Psychological Problems: Accident-Prone, Alethia, Anomie, and Anxiety

Marc McCutcheon’s book Building Believable Characters has a wealth of information to absorb, and I’m doing my best to share some of it. Today I’m in the section called PSYCHOLOGICAL/PSYCHIATRIC PROBLEMS. It’s an alphabetical listing, so I’ll just go through it and hit the ones that stand out to me. (For a complete list, buy the book. It’s a handy tool.)

ACCIDENT-PRONE: This is “an unconscious need for attention that manifests itself through an unusual number of accidents and mishaps.” This is different that being clumsy or uncoordinated. A character with this problem will intentionally hurt themselves to draw attention. This could be a ton of fun to work with in a novel, but you’d have to be careful that your character doesn’t come across as pitiable, or worse, unsympathetic. Make sure that underlying need has a background that’s believable and sympathetic.

(photo courtesy of

ALETHIA: It sounds like a girl’s name, but it’s really a “dwelling, to a neurotic degree, on the past.” This is more than just wishing for the good old days, or pining for someone who’s gone. This is an unhealthy fixation on the past. I can think of a ton of ways to use this in a novel. A woman who lives like a pioneer, avoiding all technology. A man who sees his dead wife’s face or smells her perfume or hears her voice wherever he goes. A woman who treats a doll as her own baby to replace the one she lost. These are getting kind of sad, but you can see the potential to use this in your novel. Even a minor case of alethia could be useful for a character.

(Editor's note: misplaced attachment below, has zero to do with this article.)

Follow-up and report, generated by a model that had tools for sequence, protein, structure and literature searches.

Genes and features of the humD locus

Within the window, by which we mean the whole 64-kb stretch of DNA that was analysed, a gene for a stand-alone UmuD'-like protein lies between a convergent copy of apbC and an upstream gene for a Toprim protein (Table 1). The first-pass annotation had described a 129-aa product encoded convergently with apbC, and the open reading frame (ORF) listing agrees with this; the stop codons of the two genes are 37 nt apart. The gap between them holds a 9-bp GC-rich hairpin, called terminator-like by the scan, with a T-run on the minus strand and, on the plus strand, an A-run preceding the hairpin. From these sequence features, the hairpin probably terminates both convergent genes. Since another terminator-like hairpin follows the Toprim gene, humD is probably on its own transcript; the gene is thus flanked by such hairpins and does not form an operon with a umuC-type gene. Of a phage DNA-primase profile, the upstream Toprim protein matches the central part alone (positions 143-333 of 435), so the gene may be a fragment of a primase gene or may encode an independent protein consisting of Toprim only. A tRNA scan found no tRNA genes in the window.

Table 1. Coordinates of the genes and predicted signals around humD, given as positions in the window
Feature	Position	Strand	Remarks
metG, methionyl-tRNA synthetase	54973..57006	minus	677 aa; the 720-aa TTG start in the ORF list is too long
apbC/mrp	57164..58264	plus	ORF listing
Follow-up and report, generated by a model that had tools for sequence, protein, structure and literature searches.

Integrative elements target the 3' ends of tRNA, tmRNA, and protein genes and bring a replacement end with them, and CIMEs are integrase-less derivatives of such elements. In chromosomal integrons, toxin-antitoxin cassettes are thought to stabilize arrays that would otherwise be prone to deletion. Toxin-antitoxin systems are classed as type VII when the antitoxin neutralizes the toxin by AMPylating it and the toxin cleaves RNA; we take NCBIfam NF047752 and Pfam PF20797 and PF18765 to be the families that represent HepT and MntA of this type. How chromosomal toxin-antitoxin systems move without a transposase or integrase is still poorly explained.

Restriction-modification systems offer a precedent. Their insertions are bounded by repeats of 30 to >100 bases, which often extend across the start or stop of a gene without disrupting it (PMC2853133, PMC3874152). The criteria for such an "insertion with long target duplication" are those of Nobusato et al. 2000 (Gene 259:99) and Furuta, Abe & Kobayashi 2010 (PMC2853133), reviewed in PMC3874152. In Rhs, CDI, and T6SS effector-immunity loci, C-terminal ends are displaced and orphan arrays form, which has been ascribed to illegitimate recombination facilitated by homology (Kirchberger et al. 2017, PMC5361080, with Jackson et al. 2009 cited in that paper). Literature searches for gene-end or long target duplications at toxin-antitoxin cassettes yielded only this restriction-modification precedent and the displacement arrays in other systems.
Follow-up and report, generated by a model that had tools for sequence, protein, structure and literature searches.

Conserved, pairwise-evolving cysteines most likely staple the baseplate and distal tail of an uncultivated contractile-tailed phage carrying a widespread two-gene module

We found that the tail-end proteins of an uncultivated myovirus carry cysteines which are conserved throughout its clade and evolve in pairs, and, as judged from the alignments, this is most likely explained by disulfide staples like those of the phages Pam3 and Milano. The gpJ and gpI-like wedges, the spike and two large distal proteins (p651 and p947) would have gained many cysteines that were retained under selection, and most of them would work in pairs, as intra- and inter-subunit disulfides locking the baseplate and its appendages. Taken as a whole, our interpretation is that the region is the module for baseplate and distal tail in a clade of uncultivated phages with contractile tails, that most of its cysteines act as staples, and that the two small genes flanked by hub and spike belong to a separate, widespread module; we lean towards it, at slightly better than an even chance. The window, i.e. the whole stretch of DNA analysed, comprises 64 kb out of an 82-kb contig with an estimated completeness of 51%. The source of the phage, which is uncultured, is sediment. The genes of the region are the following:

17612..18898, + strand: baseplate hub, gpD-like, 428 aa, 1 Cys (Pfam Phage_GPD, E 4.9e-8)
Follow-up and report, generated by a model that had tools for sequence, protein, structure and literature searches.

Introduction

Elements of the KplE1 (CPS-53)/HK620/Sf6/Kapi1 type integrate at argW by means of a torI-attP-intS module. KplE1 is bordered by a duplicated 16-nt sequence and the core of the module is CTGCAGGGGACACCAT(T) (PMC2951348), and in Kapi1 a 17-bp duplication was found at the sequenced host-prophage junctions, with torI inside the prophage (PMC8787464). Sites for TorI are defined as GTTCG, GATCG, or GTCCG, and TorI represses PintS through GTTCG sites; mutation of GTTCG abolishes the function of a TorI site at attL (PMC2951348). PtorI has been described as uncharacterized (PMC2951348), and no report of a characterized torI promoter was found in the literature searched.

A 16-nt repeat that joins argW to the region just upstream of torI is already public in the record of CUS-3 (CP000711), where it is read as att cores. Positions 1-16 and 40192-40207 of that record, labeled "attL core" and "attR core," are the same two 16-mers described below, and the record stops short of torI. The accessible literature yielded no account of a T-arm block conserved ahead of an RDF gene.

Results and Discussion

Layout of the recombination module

ANOMIE: “Feelings of alienation and not belonging to society.” We’ve all seen this one taken to extremes on the TV where the guy thinks he’s an alien sent to probe the planet. That can be fun, but you can also dial this back a bit and use a mild form of it for your character’s flaw. A man who lives in the city but stays inside at all times. The woman who lives in the country and can’t abide visitors. The teenager who’s desperate to fit in but can’t find a friend. Play with it and see what you come up with.

ANXIETY: “Fear, nervousness or apprehension caused by a real or imagined source.” Most people feel this a time or two during life. It’s the feeling of not being in control, of things moving outside your sphere of influence when you’re certain you should be in charge. Magnify it in your character, remove any sense of control (locked in a mental institute against her will? held captive by kidnappers? child is dying of incurable disease?), and watch the conflict mount exponentially.